Ways of engineering a path to first-class job prospects


THE INDICATIONS are that there will be a shortage of mechanical engineers in Europe in the future, says Frank Burke, director general of the Institution of Engineering, about 13,000 Irish engineers. This is obviously good news for prospective students of mechanical engineering.

The current job scene is also good, according to Padraic Cuffe, administrative officer with Sligo RTC which offers a number of courses in the mechanical engineering area. In the RTC system, the starting point for school leavers is usually the two-year certificate in mechanical engineering.

Sligo RTC offers a one year follow-on diploma in industrial automation or a two year follow-on diploma in tool design. This option is open to students who have obtained sufficient grades in the certificate exam.

The tool design course is the only one of its kind in Europe, according to Cuffe, and has virtually 100 per cent employment. The course consists of one year in work placement and one year's academic training in Sligo RTC, which is home to the national tool-making centre. As well as certificate graduates, time served tool-making apprentices may also apply to this course. In a good illustration of the certificate, diploma, degree route, Sligo RTC offers a follow-on degree in quality assurance. Job prospects for these graduates are also excellent, says Cuffe.

All 11 regional technical colleges offer certificate courses in mechanical engineering and most offer follow-on programmes. It is, of course, possible to transfer from a certificate in one college to a diploma in another college. Points for certificate courses are considerably lower than the points required for ab initio degrees. Indeed, some of the certificate courses this year took all qualified applicants.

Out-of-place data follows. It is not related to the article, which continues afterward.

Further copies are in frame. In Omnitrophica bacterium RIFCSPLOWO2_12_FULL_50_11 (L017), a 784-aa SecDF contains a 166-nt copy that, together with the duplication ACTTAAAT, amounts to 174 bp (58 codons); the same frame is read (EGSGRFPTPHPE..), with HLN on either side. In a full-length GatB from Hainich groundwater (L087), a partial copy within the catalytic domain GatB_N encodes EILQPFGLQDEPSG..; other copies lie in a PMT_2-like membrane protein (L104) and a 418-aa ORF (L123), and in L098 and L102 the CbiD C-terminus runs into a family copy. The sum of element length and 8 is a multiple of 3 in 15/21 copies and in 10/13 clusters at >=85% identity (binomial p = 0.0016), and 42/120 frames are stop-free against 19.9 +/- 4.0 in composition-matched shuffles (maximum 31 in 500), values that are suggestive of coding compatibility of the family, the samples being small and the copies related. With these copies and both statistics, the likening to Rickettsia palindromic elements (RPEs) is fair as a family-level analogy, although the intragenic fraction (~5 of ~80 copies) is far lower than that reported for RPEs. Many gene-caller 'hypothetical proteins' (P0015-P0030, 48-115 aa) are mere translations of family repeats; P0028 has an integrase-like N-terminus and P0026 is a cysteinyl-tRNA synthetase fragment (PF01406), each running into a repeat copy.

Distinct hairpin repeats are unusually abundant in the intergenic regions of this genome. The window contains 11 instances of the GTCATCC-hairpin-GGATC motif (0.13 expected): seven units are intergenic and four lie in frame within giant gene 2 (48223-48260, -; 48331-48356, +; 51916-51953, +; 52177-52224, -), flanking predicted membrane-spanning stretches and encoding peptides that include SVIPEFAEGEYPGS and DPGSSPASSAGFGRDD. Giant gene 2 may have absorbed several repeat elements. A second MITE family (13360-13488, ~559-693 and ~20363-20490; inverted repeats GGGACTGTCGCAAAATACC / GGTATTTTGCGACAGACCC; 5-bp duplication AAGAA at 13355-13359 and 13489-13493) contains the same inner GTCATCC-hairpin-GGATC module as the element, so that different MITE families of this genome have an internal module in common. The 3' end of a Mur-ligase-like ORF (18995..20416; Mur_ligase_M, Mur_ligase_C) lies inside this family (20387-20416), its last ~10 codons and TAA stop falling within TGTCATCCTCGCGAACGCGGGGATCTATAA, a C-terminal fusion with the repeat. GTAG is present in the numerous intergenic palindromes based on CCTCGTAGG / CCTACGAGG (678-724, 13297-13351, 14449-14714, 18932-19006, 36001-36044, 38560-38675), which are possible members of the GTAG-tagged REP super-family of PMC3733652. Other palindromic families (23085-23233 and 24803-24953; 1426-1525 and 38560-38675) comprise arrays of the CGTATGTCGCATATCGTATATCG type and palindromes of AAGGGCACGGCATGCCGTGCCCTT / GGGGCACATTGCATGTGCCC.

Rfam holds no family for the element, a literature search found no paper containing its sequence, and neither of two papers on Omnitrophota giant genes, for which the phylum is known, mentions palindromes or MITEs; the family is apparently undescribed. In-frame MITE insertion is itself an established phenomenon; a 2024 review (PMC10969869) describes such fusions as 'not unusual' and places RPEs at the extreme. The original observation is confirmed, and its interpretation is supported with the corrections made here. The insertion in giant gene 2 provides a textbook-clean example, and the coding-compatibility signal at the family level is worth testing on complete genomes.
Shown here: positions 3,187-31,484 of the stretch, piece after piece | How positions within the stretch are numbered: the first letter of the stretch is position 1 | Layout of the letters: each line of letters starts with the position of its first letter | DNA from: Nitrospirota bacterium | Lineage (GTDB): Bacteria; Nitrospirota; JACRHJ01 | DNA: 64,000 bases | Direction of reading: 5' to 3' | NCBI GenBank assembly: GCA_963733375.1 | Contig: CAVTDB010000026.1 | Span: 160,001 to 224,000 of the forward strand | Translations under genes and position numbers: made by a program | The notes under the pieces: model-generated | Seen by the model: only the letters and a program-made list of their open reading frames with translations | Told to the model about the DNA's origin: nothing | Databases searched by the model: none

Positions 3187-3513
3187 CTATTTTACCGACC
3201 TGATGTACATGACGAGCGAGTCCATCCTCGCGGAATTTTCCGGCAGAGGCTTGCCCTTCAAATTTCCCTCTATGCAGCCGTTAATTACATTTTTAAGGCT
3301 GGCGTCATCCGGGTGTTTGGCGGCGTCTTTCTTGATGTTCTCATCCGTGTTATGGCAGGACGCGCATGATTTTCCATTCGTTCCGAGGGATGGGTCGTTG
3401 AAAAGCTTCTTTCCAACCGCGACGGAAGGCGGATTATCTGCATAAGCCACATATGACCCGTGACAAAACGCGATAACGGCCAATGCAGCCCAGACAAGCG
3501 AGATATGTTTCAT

All of the ab initio degrees have specific maths requirements, so students hoping to go straight into degrees must have attained a C in higher level maths and UCD requires a higher level B.

Padraic Gallagher, careers officer with UL, notes the increasing demand for mechanical engineers with a continental language. To service this market, UL is offering a new degree which combines German with mechanical engineering. Language is important for mobility, he says, and there are also a number of continental companies in Ireland which are looking for engineering graduates with a good command of their language.

Eileen Fitzpatrick, careers officer with DIT, explains that the DIT mechanical engineering degree has two main specialisms - mechanical; and manufacturing and production. In 1995, 88 per cent of DIT's mechanical engineering graduates gained employment directly, with 12 per cent of those working overseas. Some 4 per cent went on to further study in Ireland; 4 per cent went into other vocational and professional training and the remainder were still seeking work at the time of the survey.

Of the manufacturing and production engineering stream, 54.6 per cent were employed, with a higher percentage, 31.8 per cent, going on to further study and 4.5 per cent opting for further vocational or professional training. DIT also offers a diploma in mechanical engineering and almost half of these went on to further study (presumably to degree level) with about 40 per cent employed directly. Most of the certificate graduates proceeded to diploma level.

While school leavers will base their choice of course on reasons such as points requirements or geographical location of the college, Frank Burke of the IEI strongly recommends that they ensure that the course they choose is accredited by the institution. If they are looking to courses in Britain, he says they should ensure the course is accredited by the UK engineering council.